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Clarke Reynolds is a Portsmouth-based artist who is registered as severely sighted, and who is also a visual artist focussing on the of Braille as an artistic media.
"I was born with limited sight in my right eye but that never stopped me doing what I love, which is being creative. Unfortunately due to kidney problems I had to leave school early, however I fought back and studied art at a higher level gaining a BA honour's degree in model making.
My art has changed a lot as my sight decreases, but one thing has always stayed the same – the use of dots in my work as I've always been a fan of pointillism. I always say to people that I see through a thousand dots now, and the dots mean something as I've discovered Braille. Words are vitally important to a visually impaired person as they describe what we see, and as Braille is a tactile language it helps people with low vision to read and communicate.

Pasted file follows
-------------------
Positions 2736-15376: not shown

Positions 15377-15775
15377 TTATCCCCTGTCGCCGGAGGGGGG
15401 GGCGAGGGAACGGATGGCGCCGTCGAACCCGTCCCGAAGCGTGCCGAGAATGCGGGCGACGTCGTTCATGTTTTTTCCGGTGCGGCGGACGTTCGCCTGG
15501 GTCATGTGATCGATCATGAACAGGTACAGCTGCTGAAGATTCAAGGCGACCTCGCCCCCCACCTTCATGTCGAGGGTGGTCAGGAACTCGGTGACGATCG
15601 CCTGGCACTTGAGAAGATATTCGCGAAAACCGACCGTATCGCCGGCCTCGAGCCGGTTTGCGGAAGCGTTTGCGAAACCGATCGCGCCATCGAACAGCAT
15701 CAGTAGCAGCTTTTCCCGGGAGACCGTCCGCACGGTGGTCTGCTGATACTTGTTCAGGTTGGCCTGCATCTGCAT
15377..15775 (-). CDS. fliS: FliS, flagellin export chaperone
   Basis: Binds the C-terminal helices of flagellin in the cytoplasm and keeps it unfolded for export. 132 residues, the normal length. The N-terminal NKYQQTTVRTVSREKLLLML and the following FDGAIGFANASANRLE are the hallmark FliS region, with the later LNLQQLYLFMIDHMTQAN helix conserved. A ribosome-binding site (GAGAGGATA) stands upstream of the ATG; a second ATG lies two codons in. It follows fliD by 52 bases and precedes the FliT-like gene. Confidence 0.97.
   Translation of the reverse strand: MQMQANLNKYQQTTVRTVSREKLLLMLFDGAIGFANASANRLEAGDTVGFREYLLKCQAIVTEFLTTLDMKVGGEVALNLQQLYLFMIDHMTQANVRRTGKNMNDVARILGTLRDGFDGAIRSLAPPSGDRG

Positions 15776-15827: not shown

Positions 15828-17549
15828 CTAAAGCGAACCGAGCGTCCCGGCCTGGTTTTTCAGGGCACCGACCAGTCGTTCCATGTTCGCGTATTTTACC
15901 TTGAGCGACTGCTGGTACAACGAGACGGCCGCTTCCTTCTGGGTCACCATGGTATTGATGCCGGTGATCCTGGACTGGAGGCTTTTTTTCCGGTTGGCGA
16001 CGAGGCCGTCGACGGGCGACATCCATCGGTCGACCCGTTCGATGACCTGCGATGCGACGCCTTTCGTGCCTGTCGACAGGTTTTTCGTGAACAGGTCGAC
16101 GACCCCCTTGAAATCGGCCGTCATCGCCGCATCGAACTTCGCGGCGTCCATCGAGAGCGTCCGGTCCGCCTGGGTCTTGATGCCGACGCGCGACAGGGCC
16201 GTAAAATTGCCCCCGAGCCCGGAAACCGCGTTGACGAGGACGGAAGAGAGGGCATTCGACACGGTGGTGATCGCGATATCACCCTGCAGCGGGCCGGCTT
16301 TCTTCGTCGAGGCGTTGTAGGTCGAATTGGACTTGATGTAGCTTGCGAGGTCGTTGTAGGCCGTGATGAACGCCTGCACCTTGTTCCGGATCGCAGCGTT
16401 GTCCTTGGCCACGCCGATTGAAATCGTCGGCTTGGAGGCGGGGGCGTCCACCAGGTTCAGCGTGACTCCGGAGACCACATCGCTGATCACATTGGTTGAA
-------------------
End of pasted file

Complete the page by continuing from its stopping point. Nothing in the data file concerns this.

The ultimate aim of my art is to highlight the importance of Braille to visually impaired people, and therefore to society in general."
In this, his first exhibition Cove Gallery, Clarke has created seven bespoke pieces that link in with the history of Weymouth. With a naval and maritime heritage one of the pieces is called , and describes the shipwreck off Portland in 1805 of the merchant ship Earl of Abergavenny, captained by John Wordsworth, the brother of the great English poet William Wordsworth.